Coaching for SMEs can help with staff retention

coaching for SMEs can help retain staff

Coaching for SMEs can help keep your staff happy. Sales Improvement Services’ Tim Anderson will be heading a seminar on the subject at UCAV next month

It’s sometimes difficult for SMEs to recruit and retain staff when they have to compete with larger organisations who are able to offer higher wages and more incentives.

Traditionally these larger firms have been able to take the pick of the university graduates with competitive salaries and exciting benefits to woo the best talent no matter what their degree subject was.

And things may well be getting even tougher with the appearance, at college and, in the workforce, of the new Generation Z.  This new generation, born in the mid/late 90s, have different motivations from their predecessors in Generation Y, (born between 1977 and 1994) according to a new survey.

Millennial Branding, a Gen Y research and consulting firm, and Randstad, the third-largest HR services and staffing company in the United States, conducted the first worldwide study to focus on the workplace preferences of both Generation Y (ages 21 to 32) and Generation Z (ages 16 to 20).

Key takeaways from the findings show:

  • Gen Z has more of an entrepreneurial spirit – 17% of Gen Z vs. 11% of Gen Y wants to start a business and hire others.
  • For Gen Z, it’s not about the money – only 28% of Gen Z said money would motivate them to work harder and stay with their employer longer, as opposed to 42% of Gen Y.
  • Gen Z prefers face-to-face communication over technology – Gen Z grew up with technology, yet 53% percent prefer in-person communication over tools like instant messaging and video conferencing.

Entitled “Gen Y vs. Gen Z Workplace Expectations,” the study queried approximately 1,000 individuals from each generation across 10 countries: the United States, Brazil, Canada, China, Germany, India, South Africa, Sweden, Turkey and the United Kingdom.

According to Dan Schawbel, founder of Millennial Branding, the study reveals other attributes that distinguish Gen Z and Gen Y employees.

“Gen Z has a clear advantage over Gen Y because they appear to be more realistic instead of optimistic, are likely to be more career-minded, and can quickly adapt to new technology to work more effectively,” Schawbel said.

“Additionally, since Gen Z has seen how much Gen Y has struggled in the recession, they come to the workplace better prepared, less entitled and more equipped to succeed.”

One of the priorities for Generation Z is career advancement and personal development and here is where SMEs can do something to combat the larger enterprises taking all the best graduates.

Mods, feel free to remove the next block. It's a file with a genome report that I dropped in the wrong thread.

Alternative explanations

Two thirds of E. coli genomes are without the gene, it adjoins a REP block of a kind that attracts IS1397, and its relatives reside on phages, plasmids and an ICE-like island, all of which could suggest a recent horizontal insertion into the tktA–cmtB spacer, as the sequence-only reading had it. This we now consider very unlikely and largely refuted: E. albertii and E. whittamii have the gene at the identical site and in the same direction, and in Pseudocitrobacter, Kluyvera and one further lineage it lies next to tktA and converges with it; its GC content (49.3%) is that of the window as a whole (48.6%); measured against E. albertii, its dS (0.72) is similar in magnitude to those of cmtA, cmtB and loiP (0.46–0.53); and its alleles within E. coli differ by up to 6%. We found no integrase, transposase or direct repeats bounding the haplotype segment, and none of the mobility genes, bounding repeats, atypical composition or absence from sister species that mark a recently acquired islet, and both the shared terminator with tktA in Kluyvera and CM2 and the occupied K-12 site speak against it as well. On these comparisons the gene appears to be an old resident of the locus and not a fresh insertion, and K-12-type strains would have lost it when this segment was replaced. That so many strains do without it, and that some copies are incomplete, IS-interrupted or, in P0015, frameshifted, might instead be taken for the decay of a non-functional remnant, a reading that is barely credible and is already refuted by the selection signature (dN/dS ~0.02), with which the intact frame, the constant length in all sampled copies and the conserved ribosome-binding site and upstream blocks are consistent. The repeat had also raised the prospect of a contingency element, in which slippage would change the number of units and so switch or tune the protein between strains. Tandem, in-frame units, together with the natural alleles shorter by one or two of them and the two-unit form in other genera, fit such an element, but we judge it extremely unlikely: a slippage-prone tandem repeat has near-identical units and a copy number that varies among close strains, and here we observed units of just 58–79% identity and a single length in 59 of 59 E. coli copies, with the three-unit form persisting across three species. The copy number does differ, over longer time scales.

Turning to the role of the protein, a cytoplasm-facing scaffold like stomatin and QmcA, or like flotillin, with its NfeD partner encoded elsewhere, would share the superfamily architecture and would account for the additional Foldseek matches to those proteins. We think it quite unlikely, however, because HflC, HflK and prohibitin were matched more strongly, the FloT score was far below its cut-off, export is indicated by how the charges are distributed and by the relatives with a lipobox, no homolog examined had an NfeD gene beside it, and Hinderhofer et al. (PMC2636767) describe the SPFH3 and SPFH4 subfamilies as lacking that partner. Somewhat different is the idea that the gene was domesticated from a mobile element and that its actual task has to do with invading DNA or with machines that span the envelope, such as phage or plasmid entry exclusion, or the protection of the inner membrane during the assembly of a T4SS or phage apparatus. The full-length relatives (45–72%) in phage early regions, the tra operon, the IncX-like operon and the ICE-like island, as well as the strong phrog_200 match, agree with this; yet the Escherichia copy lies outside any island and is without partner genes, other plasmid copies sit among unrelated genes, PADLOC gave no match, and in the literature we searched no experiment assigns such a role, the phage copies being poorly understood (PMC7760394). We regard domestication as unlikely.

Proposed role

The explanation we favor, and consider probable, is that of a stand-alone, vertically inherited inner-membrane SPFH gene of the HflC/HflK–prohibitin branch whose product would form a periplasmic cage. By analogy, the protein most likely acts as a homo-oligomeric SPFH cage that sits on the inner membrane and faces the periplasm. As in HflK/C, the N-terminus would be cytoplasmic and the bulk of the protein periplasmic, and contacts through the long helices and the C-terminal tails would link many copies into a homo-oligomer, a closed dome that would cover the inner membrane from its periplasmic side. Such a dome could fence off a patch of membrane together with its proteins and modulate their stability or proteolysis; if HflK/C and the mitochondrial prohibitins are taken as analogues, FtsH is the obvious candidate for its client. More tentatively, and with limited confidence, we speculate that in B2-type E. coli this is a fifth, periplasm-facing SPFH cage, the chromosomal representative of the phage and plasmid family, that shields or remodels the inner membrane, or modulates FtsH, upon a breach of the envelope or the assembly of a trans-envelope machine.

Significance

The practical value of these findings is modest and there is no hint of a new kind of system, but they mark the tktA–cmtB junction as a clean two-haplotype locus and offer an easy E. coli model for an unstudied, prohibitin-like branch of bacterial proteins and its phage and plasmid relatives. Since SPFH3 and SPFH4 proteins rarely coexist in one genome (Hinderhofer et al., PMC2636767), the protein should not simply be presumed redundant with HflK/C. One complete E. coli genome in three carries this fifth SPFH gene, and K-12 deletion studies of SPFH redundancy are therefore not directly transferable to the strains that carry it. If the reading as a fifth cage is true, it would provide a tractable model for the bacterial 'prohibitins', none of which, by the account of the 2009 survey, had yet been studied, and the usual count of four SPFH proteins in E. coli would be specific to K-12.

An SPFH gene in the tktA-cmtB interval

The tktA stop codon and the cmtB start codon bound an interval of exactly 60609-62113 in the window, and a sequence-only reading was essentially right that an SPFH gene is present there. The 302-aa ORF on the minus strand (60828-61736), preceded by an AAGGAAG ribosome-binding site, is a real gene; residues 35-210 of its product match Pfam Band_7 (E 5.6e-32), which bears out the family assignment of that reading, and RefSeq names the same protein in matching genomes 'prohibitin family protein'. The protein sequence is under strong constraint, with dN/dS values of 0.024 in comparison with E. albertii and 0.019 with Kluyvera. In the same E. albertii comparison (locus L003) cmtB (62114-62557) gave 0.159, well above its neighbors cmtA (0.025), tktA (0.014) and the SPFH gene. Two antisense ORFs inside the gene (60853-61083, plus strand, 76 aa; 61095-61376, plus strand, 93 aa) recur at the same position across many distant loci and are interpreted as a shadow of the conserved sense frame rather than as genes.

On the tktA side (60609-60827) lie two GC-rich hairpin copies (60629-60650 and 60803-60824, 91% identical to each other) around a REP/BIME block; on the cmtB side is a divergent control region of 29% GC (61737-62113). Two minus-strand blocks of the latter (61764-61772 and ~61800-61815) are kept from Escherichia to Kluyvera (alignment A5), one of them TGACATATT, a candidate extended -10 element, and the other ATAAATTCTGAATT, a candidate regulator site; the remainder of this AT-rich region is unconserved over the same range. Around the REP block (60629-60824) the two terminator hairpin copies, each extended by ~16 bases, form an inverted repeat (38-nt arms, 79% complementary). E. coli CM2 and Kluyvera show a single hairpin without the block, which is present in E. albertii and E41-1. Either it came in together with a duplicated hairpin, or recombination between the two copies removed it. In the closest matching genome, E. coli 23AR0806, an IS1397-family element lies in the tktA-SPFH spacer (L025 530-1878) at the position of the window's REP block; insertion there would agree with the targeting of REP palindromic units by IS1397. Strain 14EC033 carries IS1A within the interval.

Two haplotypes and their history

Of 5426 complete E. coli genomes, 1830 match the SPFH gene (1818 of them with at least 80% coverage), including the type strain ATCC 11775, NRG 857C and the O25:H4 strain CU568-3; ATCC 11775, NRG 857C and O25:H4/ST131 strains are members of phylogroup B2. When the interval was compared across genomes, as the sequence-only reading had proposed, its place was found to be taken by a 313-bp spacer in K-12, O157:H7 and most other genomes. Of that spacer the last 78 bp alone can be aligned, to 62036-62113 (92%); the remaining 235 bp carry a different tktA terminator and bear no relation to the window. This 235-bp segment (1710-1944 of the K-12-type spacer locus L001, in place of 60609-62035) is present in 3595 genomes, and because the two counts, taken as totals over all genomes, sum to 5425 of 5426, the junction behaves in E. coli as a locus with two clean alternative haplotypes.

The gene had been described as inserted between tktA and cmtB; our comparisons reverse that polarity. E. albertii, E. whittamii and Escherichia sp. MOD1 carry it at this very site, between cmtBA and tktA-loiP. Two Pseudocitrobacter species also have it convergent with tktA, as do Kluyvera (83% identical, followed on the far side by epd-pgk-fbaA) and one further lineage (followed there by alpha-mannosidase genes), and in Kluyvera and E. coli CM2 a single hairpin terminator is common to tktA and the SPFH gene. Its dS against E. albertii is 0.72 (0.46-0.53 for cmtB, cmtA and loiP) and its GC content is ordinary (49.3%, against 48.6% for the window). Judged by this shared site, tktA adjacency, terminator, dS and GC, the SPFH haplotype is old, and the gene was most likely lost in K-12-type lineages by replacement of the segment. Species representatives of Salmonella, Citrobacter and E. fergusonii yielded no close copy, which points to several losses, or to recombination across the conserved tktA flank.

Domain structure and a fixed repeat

Coaching for SMEs

But SMEs who can offer employees mentorship opportunities, personal coaching and skills workshops which develop their professional abilities and provide them with the skills they need to rise through the ranks within your business can mean your business can fight with the big corporate companies to employ quality graduates and other Generation Z member entering the workplace.

Companies that also take advantage of Generation Z’s entrepreneurial spirit will also be more likely to stay in front of the latest trends and be more competitive in their industry. Focus on providing opportunities for this new generation to integrate their entrepreneurial spirit into their job. Talk to them about their ideas for growth and their thoughts about where your business or company can go and this lets them know you value their contributions and their initiative.

Coaching for SMEs provided through the servvice of a professional coaching trainer – which adopts a different mind-set to the traditional “top down autocratic manager” style employed by many organisations – is an obvious route into recruiting from Generation Z.

Adopting a coaching culture from the top down helps all employees unlock their potential to maximise their own performance, it “helps them to learn” rather than teaches them.

With this in mind, Sales Improvement Services’ Tim Anderson will be presenting ideas to improve staff retention and recruitment at UCAV (University Campus Aylesbury Vale) on December 7th. This is an introduction event to allow businesses to find out more about how coaching can help and to make them aware of a course which Tim will be running at UCAV next year.

Aylesbury College has teamed up with Sales Improvement Services and University Campus Aylesbury Vale (UCAV) to offer the Level 7 Executive Coaching and Mentoring programme aimed at senior business leaders and professional coaches who operate at strategic board level. The course runs at UCAV from January.

To register for this free event go to: https://www.eventbrite.co.uk/e/ucav-open-evening-and-business-recruitment-seminar-tickets-19509380081

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About Tim Anderson
Tim has over thirty years’ experience within the sales environment as a sales person, a sales manager, a sales director and as a mentor and coach. He has run sales teams as a sales director within the IT sector as a direct re seller, a VAR and as an MSP. He has developed and exited from two IT businesses and supported three training and development organisations to grow their businesses by supporting their commercial offering. He has taken these teams through change initiatives . Tim continues to develop himself as a coach and has successfully taken his coaching into executive and leadership coaching. He has combined coaching with management and leadership development and regularly supports senior managers to take their next step upward in their careers. He is a qualified coach and a Chartered Manager and also holds a degree in professional consulting.

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